Effects of creatine supplementation on muscle power, endurance, and sprint performance


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Abstract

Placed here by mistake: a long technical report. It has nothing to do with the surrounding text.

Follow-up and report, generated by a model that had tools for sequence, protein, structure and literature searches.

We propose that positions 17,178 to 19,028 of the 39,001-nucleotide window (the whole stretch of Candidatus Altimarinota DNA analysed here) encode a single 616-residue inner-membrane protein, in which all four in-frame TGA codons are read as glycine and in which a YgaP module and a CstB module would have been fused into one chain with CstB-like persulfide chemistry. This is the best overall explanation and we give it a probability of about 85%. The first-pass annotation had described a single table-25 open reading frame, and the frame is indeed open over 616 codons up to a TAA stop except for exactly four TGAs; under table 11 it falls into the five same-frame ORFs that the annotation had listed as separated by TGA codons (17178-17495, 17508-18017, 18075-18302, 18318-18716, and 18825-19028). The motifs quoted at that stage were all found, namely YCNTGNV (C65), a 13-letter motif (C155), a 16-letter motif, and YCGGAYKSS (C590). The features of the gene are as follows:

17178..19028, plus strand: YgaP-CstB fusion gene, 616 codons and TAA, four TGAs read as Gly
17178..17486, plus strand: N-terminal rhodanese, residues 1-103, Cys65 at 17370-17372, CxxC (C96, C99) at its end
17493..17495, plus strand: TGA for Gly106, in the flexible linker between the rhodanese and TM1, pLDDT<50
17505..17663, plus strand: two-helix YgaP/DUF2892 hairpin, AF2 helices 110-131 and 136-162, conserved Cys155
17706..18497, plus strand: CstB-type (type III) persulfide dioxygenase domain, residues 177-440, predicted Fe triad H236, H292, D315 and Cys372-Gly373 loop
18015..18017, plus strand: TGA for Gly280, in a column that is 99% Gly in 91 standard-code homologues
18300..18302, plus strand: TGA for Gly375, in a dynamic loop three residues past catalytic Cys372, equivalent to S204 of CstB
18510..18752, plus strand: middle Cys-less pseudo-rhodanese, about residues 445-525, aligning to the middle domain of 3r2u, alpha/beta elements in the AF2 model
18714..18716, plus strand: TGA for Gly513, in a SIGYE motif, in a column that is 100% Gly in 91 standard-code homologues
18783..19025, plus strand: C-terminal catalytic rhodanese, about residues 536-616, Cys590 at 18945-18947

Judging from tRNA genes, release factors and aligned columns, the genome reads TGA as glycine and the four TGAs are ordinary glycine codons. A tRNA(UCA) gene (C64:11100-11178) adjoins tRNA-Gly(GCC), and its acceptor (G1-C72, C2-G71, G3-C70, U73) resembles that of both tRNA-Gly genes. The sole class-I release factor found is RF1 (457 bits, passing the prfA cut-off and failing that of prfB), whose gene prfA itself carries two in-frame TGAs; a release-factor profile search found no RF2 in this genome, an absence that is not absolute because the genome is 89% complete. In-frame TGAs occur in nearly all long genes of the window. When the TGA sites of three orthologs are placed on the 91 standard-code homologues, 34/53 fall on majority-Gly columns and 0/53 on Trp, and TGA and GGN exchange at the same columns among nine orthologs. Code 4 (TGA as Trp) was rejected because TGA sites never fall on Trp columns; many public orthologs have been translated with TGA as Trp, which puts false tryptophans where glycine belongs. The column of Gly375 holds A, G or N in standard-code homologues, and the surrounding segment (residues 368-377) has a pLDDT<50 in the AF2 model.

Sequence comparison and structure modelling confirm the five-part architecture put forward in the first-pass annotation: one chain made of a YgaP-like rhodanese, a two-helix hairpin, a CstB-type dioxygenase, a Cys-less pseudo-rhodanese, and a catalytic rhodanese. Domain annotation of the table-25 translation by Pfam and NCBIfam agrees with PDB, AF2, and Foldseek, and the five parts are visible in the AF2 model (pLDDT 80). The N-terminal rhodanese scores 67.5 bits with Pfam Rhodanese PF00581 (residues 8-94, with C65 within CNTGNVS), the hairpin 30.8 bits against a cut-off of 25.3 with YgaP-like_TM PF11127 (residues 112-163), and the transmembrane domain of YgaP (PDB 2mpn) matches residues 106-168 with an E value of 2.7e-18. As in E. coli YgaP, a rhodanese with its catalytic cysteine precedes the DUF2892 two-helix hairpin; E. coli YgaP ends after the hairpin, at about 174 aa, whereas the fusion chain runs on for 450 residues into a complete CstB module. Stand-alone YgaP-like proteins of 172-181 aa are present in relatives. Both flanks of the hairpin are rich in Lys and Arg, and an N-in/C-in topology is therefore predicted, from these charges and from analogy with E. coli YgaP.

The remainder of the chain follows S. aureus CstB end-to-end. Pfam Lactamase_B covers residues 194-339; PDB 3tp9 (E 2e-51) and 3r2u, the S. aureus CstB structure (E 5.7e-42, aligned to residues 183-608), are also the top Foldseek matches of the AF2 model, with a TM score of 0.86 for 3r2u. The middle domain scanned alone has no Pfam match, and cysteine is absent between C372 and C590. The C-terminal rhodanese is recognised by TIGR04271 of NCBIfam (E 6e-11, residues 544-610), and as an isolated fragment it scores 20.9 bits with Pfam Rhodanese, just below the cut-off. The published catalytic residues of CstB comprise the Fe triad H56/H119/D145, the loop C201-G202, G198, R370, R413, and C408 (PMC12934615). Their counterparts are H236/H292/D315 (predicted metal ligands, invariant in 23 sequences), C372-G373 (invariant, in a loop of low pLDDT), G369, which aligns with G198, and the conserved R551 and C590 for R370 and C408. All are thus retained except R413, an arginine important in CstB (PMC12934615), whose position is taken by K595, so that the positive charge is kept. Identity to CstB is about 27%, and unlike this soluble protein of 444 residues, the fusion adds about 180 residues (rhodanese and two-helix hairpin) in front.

IZQUIERDO, M., J. IBAÑEZ, J. J. GONZÁLEZ-BADILLO, and E. M. GOROSTIAGA. Effects of creatine supplementation on muscle power, endurance, and sprint performance. Med. Sci. Sports Exerc., Vol. 34, No. 2, pp. 332–343, 2002.PurposeTo determine the effects of creatine (Cr) supplementation (20 g·d−1 during 5 d) on maximal strength, muscle power production during repetitive high-power-output exercise bouts (MRPB), repeated running sprints, and endurance in handball players.MethodsNineteen trained male handball players were randomly assigned in a double-blind fashion to either creatine (N = 9) or placebo (N = 10) group. Before and after supplementation, subjects performed one-repetition maximum half-squat (1RMHS) and bench press (1RMBP), 2 sets of MRPB consisting of one set of 10 continuous repetitions (R10) followed by 1 set until exhaustion (Rmax), with exactly 2-min rest periods between each set, during bench-press and half-squat protocols with a resistance equal to 60 and 70% of the subjects’ 1RM, respectively. In addition, a countermovement jumping test (CMJ) interspersed before and after the MRPB half-squat exercise bouts and a repeated sprint running test and a maximal multistage discontinuous incremental running test (MDRT) were performed.ResultsCr supplementation significantly increased body mass (from 79.4 ± 8 to 80 ± 8 kg;P < 0.05), number of repetitions performed to fatigue, and total average power output values in the Rmax set of MRPB during bench press (21% and 17%, respectively) and half-squat (33% and 20%, respectively), the 1RMHS (11%), as well as the CMJ values after the MRPB half-squat (5%), and the average running times during the first 5 m of the six repeated 15-m sprints (3%). No changes were observed in the strength, running velocity, or body mass measures in the placebo group during the experimental period.ConclusionShort-term Cr supplementation leads to significant improvements in lower-body maximal strength, maximal repetitive upper- and lower-body high-power exercise bouts, and total repetitions performed to fatigue in the Rmax set of MRPB, as well as enhanced repeated sprint performance and attenuated decline in jumping ability after MRPB in highly trained handball players. Cr supplementation did not result in any improvement in upper-body maximal strength and in endurance running performance.

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